Then, I'll say something along the lines of how it's difficult to really compare two Beer Weeks that are organized on different models, yet with the same short- and long-term objectives.

Finally, I turn the tables and ask how would anyone compare them?

Number of events? Pointless and absolutely no indicator of best-ness.

Quality of events? Give me a metric to compare quality and then we'll talk, but I can't imagine a solid metric to use to measure the quality of events. Number of attendees? Variety of beer being served? Rarity of beer being served? All interesting, perhaps, but other than the number of attendees the others are somewhat arbitrary measurements.

Types of events? Both Beer Weeks feature strong beers, session beers, local beers, imported beers, beer dinners, sour beers, cask-conditioned beers, beer and fitness events, free events, pricey events, twenty minute events, repeating daily events, and on and on. Tell me which Beer Week is missing — significantly missing — what type of events and we can figure out if it's legitimate and what to do about it.

Number of participating establishments? Once again, not much of an indicator. And even if one region had more participating establishments than another, we'd still have to then go back and further break down the number and types of events that they conducted. Again, not such a meaningful use of time.

Basically, unless the organizing group or individual establishments are flat-out dropping the ball on delivering what they promise in a Beer Week full of varied events, it's a bit unfair to say that one Beer Week is better than another. Is there more? More of 'this' or 'that'? Maybe, but how much can any individual take in? It's about appealing to the widest part of the beer drinking and beer-curious public as possible. In the Northern California and Philadelphia regions, both organizations do amazing work to do just that.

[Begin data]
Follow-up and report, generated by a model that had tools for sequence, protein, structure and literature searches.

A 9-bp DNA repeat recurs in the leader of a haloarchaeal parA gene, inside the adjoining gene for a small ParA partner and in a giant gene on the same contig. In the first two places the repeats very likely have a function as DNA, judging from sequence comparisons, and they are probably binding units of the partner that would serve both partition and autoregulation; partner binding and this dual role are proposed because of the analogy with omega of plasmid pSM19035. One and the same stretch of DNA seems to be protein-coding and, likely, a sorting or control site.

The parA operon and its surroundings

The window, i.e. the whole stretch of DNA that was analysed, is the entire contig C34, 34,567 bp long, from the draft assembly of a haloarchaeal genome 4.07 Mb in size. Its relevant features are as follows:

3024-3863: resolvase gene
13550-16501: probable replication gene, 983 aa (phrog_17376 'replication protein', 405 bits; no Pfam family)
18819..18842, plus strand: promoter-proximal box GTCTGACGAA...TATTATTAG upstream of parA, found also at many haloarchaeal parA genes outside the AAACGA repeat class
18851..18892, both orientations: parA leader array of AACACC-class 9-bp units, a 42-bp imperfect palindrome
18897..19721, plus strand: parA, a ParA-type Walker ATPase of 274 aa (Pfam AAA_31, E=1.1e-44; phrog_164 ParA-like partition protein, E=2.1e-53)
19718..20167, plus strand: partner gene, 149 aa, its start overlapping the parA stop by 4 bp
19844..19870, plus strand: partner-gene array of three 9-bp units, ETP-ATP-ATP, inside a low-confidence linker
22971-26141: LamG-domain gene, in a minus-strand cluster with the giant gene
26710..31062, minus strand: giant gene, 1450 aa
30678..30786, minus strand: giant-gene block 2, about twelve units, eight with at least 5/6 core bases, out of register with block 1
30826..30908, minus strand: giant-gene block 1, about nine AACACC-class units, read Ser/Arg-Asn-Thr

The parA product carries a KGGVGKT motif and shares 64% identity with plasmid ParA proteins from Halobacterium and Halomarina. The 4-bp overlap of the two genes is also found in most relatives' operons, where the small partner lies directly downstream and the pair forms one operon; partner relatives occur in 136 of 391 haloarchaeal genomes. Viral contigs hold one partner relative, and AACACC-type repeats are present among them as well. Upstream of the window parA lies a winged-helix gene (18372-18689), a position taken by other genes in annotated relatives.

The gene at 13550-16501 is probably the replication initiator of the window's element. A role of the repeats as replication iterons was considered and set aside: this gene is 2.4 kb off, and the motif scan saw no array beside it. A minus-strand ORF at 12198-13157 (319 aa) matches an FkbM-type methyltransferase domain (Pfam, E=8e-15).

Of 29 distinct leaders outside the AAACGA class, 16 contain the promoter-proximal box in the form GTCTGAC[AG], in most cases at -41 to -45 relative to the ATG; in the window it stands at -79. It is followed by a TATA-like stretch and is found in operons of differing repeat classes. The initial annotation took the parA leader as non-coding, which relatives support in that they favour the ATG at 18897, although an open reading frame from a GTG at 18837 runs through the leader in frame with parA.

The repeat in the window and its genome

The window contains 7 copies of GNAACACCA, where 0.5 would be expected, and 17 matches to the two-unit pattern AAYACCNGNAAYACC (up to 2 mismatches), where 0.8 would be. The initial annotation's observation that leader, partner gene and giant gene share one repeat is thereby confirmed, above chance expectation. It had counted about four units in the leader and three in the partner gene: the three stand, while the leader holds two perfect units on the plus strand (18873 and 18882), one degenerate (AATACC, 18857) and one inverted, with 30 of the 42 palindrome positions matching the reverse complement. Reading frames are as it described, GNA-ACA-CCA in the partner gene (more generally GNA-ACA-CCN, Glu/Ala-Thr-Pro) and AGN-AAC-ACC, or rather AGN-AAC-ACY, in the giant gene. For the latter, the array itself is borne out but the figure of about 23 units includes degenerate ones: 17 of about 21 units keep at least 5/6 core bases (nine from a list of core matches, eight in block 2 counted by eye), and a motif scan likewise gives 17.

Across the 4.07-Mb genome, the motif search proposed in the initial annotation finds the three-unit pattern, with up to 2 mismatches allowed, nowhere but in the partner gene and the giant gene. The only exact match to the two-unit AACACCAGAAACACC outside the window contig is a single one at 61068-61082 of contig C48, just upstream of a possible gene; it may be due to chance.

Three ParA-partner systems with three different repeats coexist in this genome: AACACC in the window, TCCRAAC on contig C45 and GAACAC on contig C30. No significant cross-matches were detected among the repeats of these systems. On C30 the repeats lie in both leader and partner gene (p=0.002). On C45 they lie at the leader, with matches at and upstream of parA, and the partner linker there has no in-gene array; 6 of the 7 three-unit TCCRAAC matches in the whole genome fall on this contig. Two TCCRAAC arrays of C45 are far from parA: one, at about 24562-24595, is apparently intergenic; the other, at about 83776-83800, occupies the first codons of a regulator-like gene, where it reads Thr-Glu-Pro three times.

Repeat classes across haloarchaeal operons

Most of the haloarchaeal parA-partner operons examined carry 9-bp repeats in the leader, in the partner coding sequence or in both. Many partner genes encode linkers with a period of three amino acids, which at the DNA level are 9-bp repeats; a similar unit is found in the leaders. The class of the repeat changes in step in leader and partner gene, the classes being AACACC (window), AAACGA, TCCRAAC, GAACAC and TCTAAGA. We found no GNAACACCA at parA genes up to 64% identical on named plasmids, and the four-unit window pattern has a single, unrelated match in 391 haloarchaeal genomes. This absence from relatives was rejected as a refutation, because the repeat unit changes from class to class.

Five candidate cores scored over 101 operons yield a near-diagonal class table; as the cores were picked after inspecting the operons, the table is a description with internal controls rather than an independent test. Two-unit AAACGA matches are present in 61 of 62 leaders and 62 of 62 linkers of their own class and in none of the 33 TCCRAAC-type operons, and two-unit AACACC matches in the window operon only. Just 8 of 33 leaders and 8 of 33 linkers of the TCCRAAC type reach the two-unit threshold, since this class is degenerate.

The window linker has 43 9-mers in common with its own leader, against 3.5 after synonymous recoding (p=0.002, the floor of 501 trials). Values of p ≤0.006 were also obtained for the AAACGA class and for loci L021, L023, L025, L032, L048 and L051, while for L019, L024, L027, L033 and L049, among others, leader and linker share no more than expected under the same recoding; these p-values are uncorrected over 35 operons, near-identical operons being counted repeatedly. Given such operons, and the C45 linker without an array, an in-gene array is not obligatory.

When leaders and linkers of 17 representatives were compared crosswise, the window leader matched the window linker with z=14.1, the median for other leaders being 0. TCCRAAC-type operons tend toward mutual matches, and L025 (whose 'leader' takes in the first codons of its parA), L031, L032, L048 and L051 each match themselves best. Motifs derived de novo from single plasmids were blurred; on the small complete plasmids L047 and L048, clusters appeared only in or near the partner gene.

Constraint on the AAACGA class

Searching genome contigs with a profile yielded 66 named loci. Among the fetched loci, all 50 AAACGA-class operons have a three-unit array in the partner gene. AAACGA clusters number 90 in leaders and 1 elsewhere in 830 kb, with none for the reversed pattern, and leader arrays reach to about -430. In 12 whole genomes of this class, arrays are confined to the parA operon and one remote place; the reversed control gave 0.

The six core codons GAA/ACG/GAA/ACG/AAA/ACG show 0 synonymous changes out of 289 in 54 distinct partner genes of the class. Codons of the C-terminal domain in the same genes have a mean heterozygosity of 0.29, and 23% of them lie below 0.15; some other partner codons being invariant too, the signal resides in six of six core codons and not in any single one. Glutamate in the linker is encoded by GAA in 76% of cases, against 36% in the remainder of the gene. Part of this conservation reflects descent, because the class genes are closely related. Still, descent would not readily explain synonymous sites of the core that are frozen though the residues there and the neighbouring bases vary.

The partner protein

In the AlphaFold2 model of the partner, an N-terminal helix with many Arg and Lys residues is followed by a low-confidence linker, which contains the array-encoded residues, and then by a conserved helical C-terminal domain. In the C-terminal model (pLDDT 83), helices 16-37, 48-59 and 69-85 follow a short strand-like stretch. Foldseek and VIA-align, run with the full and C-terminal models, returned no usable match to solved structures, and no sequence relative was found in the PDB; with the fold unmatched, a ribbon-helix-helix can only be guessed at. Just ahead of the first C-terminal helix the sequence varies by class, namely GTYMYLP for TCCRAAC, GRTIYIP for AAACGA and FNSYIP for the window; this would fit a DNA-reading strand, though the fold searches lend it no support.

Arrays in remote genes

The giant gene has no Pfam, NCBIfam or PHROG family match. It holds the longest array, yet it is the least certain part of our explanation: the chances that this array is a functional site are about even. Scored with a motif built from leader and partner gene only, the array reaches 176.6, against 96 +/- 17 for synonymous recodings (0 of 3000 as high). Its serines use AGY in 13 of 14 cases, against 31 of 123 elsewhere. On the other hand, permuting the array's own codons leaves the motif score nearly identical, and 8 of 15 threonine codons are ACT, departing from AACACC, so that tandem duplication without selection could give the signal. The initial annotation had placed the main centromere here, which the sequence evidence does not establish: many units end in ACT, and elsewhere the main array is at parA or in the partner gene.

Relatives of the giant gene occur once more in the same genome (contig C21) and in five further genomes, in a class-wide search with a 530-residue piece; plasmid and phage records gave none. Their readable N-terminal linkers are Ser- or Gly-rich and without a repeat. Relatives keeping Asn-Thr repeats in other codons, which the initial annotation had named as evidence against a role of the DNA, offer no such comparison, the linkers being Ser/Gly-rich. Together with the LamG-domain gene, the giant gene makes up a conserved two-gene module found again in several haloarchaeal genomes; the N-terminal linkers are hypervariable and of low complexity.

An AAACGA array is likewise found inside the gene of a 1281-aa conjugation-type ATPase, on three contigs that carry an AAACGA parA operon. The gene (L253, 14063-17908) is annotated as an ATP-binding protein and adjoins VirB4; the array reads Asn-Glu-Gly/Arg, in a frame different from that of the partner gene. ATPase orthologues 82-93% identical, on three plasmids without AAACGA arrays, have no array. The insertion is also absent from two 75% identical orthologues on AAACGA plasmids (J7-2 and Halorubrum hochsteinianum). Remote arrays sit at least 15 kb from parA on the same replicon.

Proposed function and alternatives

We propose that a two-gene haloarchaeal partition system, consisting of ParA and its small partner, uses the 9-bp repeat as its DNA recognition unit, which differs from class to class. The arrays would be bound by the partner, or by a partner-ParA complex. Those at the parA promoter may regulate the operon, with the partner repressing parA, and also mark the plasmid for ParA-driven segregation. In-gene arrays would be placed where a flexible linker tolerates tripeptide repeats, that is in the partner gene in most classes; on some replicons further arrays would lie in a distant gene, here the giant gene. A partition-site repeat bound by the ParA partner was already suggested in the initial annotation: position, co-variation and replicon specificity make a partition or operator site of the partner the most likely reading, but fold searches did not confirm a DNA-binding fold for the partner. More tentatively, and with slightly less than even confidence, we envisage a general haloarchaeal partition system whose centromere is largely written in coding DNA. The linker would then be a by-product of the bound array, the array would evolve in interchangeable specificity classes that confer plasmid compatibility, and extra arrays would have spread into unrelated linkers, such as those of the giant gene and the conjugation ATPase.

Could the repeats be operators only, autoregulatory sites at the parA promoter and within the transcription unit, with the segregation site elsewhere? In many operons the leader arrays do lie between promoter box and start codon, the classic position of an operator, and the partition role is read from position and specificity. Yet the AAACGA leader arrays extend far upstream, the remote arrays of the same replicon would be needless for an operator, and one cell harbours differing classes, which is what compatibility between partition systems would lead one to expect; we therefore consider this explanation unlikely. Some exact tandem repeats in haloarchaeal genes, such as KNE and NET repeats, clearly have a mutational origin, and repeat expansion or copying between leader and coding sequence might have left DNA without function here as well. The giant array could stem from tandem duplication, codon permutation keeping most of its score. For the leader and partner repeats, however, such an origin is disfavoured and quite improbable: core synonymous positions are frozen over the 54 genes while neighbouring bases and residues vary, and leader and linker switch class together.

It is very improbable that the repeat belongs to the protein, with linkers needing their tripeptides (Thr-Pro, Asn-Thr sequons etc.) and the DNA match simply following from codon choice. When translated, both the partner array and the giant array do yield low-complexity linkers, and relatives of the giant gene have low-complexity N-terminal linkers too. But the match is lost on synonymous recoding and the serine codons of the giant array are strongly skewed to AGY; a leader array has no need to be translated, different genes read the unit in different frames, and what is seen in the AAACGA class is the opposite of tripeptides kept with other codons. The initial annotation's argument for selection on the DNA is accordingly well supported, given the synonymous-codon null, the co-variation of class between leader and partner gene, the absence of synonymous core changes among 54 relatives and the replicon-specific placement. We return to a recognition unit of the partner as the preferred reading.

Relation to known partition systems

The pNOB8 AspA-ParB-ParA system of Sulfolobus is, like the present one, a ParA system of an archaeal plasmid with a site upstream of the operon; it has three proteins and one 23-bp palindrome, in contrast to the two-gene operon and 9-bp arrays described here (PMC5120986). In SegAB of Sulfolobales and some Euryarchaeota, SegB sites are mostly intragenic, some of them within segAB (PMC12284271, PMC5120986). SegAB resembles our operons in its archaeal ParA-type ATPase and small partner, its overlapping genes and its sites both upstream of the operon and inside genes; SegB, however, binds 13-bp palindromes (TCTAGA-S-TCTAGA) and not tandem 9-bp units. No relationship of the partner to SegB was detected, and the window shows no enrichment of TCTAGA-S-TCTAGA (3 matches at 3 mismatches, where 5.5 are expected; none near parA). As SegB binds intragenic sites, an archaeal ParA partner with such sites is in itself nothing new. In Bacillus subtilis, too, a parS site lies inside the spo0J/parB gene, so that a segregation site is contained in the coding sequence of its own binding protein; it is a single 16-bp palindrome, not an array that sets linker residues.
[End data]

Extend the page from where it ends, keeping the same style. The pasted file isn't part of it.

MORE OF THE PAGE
Plus, like our individual tastes in beer, opinions in what makes a successful Beer Week will vary greatly. Sixty people thought that a Beer Run in San Francisco made perfect sense for celebrating Beer Week on a Sunday, while many others at the same time went to a Sour and Barrel-aged Festival in Berkeley and probably felt likewise.

Here might be one differentiating factor that I've seen. The Bay Area, and Northern California as a region, seems very proud of their indigenous products — both of the Earth and of man-made will. They are very into and geeked out by the dozen or so new nano- and pico- breweries coming on line over the past several months and upcoming year.

This is obviously not a trend contained to the West Coast. But, I will be looking forward and paying attention to how Philly Beer Week draws attention to all of the many new upstart breweries in the various stages of planning from northern Pennsylvania to the City of Philadelphia.

So I'll leave the topic somewhat judiciously by saying that I've participated in two major Beer Weeks and have found that they are the absolute best two that I've attended. Great people serving up interesting beer at wonderful establishments to create memorable events. I'm betting that there are at least another dozen Beer Weeks doing the same thing around the country.

To properly wrap things up, if you haven't already done so, you should really check out the pictures that I've linked to here. For all of the words that I can spill across your screen (my text editor tells me I'm currently nearing 6000 words), there are some things that are just better told with pictures. Plus, I've taken the care to add captions so, please, go and check them out. I think the picture editing, uploading, and captioning took longer than it did to pump all of these words out.

Additional Reading
In addition to being amazed at the number of people writing/blogging about the glorious beer in Northern California (see this impressive list), here following are some of those that attended SFBW that I've caught up with specifically while in San Francisco and since I've returned home.

~ Jay Hinman, Hedonist Beer Jive
~ Steve Shapiro/Gail Ann Williams, Beer By BART
~ Ashley Routson, Drink With The Wench
~ Chris and Meredith Nelson, The Beer Geek
~ Joe and Jasmine, Beer at Joe's